Developmental psychology attempts to understand cognitive, physical, and social-emotional development throughout the lifespan. In order to understand, for example, how maternal stress during pregnancy might impact the child later in life, pregnant women and children could be studied. Vulnerable populations, such as pregnant women, newborns, children, cognitively impaired individuals, incarcerated individuals, or older adults, require additional consideration and protection when planning to conduct research with them.
When conducting research in the field of human development, particularly with vulnerable populations, it is important to keep in mind that a unique set of ethical considerations should be taken into account. These populations need extra care to ensure their rights because some individuals may lack the mental capacity to give informed consent, may have decreased free will, or may be vulnerable in terms of their physical or mental welfare. As you approach this Discussion, keep in mind how ethical considerations might have affected the type of research that could be conducted.
For this Discussion, you will examine the role of ethics in developmental psychology research as it relates to vulnerable populations.
To prepare for this Discussion:
· Review the example of a Discussion post and response found in this week’s Learning Resources as well as the Discussion Rubric to understand the Discussion’s expectations.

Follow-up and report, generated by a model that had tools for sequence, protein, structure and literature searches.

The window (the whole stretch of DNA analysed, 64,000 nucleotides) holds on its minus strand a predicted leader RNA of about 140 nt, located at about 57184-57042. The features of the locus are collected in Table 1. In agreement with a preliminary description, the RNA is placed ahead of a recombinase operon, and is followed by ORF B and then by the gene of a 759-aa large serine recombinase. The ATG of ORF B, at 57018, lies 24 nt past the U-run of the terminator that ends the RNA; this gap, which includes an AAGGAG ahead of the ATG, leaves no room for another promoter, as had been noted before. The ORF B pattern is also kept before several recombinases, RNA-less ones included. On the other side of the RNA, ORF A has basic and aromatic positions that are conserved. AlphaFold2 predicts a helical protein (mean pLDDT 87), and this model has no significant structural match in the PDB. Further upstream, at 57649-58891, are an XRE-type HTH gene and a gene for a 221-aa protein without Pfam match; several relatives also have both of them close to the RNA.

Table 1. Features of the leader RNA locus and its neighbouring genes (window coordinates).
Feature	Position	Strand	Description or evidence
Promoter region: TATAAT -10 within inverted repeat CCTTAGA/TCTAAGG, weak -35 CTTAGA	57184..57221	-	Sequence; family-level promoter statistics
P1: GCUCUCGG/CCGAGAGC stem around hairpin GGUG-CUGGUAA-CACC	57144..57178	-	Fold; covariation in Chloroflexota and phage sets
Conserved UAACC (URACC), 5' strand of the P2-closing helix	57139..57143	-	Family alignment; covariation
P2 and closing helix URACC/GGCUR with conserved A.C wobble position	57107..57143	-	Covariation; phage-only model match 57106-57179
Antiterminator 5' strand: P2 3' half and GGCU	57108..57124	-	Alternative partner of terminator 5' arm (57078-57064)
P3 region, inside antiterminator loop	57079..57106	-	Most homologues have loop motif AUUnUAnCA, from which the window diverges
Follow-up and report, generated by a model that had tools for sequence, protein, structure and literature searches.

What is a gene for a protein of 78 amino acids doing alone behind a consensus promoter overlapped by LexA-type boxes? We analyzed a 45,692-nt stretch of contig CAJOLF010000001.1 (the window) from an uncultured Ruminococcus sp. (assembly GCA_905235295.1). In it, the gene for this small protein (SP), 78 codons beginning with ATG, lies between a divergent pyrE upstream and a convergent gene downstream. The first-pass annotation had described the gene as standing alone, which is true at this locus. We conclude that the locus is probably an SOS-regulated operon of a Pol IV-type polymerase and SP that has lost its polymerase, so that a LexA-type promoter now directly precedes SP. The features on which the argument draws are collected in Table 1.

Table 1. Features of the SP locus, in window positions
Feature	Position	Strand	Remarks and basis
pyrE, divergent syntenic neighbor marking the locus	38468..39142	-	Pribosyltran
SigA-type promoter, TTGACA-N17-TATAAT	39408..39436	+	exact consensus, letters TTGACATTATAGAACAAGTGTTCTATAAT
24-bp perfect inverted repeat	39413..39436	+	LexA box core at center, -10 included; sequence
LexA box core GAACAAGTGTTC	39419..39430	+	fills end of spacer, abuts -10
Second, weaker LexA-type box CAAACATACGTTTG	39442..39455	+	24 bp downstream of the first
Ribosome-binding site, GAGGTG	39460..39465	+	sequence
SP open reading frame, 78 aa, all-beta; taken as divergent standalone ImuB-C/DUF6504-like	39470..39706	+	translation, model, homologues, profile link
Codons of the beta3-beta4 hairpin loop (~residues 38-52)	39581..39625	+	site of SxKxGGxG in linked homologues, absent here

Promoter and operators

· Review the Learning Resources related to ethics and research in the field of developmental psychology
· Choose a population from the following:
o Women who are pregnant
o Geriatric individuals
o Individuals with cognitive disabilities
Readings for assignments:
Fisher, C. B., & Vacanti-Shova, K. (2012). The responsible conduct of psychological research: An overview of ethical principles, APA Ethics Code standards, and federal regulations. In S. J. Knapp, M. C. Gottlieb, M. M. Handelsman, L. D. VandeCreek, S. J. Knapp, M. C. Gottlieb, … L. D. VandeCreek (Eds.), APA handbook of ethics in psychology, Vol 2: Practice, teaching, and research (pp. 335–369). Washington, DC: American Psychological Association.
Pinker, S. (2004). Why nature and nurture won’t go away. Daedalus, 133(4), 5–17.
Meyer, D., Wood, S., & Stanley, B. (2013). Nurture is nature: Integrating brain development, systems theory, and attachment theory. The Family Journal, 21(2), 162–169. doi:10.1177/1066480712466808
Vaillancourt, T., Hymel, S., & McDougall, P. (2013). The biological underpinnings of peer victimization: Understanding why and how the effects of bullying can last a lifetime. Theory Into Practice, 52(4), 241–248. doi:10.1080/00405841.2013.829726